With financial and technological assistance from Microsoft and Compugen, Frontier College, Canada's preeminent national literacy organization, is undertaking an initiative to greatly expand its reach by using cloud-based services and remote access via the Internet to connect tutors with learners in remote locations. Frontier College was founded in 1899 by Alfred Fitzpatrick, who took learning into the communities where it was most needed–mining camps, lumber camps and railways. Volunteers, both men and women, travelled throughout the frontier by any available means to teach literacy skills one on one and with small groups. [caption id="attachment_471" align="alignleft" width="475" caption="Reading tents were often set up in mining and lumber camps so the men working there could learn to read."][/caption] Now, Frontier College works in prisons, shelters, high-needs neighbourhoods and Aboriginal communities, delivering a wide array of programs to children, youth and adults. "For the past 15 years or so, Compugen has been providing financial and advisory support to Frontier College as well as helping with aspects of their technology through our network of relationships with industry leaders such as Microsoft," explains Andrew Stewart, vice-president, corporate services & marketing at Compugen, who has just stepped down from the college's board after ten years of service. Technology Extends Legacy Training Model To date, the college's teaching model has been to train volunteers to be tutors, who then meet face-to-face with learners to deliver literacy instruction. However, the college wanted to explore the feasibility of expanding the legacy teaching model to include distance learning. "An important aspect of our strategic plan is being able to provide flexible, adaptable programs and support to communities that have particularly high needs, which are often remote, northern communities where learners may not be able to physically get to a location where a traditional face-to-face program can be delivered," explains Sandi Kiverago, Director of Technology and Internal Relations, Frontier College, adding enthusiastically that, "This project fits very well with those needs; and the integral role technology is playing is even cause for rethinking how we define literacy." To that end, an initial architecture was roughed out and development is underway toward pilot testing a solution that integrates the following three system components, all of which will be accessed from Microsoft as subscription-based Online Services (i.e., SaaS) available via the Internet and accessible by tutors, learners and college administrators using any standard Web browser:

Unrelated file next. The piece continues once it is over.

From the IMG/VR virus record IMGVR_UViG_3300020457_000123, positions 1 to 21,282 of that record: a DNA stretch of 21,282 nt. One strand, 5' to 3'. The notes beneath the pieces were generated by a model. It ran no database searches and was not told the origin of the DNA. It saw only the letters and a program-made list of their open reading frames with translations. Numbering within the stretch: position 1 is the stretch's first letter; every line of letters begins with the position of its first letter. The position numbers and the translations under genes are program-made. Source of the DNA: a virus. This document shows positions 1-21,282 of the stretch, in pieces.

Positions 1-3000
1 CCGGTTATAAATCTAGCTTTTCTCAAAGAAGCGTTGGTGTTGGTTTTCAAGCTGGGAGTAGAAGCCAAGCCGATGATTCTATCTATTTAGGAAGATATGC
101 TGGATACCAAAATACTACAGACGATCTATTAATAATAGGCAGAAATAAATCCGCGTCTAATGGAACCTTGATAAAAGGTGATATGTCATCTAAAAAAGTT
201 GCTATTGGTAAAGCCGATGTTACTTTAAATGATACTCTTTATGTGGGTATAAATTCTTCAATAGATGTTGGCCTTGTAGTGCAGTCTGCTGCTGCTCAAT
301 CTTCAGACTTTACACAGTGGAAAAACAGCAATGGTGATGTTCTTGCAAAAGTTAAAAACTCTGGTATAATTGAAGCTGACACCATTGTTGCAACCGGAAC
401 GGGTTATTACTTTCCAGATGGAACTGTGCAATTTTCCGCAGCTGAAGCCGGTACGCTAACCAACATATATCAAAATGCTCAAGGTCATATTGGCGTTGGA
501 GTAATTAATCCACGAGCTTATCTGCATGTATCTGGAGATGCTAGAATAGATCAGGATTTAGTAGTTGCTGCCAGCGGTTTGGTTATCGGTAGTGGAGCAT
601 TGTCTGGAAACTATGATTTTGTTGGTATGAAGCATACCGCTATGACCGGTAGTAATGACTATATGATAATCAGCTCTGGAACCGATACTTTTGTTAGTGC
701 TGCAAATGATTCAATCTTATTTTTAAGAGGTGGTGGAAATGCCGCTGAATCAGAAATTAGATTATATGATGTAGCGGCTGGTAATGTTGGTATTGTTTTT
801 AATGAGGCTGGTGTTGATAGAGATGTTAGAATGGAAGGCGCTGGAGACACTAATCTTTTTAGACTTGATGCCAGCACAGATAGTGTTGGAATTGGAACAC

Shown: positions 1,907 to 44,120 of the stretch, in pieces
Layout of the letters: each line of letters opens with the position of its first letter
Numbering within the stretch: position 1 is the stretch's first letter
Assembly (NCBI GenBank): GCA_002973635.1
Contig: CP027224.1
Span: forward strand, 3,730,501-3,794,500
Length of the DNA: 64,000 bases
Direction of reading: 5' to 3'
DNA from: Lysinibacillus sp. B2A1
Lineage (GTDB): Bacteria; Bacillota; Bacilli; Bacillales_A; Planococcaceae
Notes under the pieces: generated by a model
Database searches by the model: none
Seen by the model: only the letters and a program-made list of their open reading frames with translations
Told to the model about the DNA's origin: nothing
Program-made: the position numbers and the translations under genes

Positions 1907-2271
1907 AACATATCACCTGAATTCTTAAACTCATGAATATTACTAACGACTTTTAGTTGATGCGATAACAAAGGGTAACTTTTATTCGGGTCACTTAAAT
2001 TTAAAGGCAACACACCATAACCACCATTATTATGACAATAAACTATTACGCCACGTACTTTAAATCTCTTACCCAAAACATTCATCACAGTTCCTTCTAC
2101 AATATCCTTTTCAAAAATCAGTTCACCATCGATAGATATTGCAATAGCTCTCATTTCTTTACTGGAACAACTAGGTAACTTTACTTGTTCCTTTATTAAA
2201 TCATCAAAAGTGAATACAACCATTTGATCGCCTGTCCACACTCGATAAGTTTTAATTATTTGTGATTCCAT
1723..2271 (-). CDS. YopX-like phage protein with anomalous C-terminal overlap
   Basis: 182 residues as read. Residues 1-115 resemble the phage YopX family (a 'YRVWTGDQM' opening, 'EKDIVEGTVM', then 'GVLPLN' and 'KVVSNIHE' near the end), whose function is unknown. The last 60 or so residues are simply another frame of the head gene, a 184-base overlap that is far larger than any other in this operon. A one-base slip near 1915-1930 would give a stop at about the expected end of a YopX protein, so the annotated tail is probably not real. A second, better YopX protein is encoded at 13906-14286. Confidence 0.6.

- Microsoft Lync (formerly Live Meeting) for Web conferencing;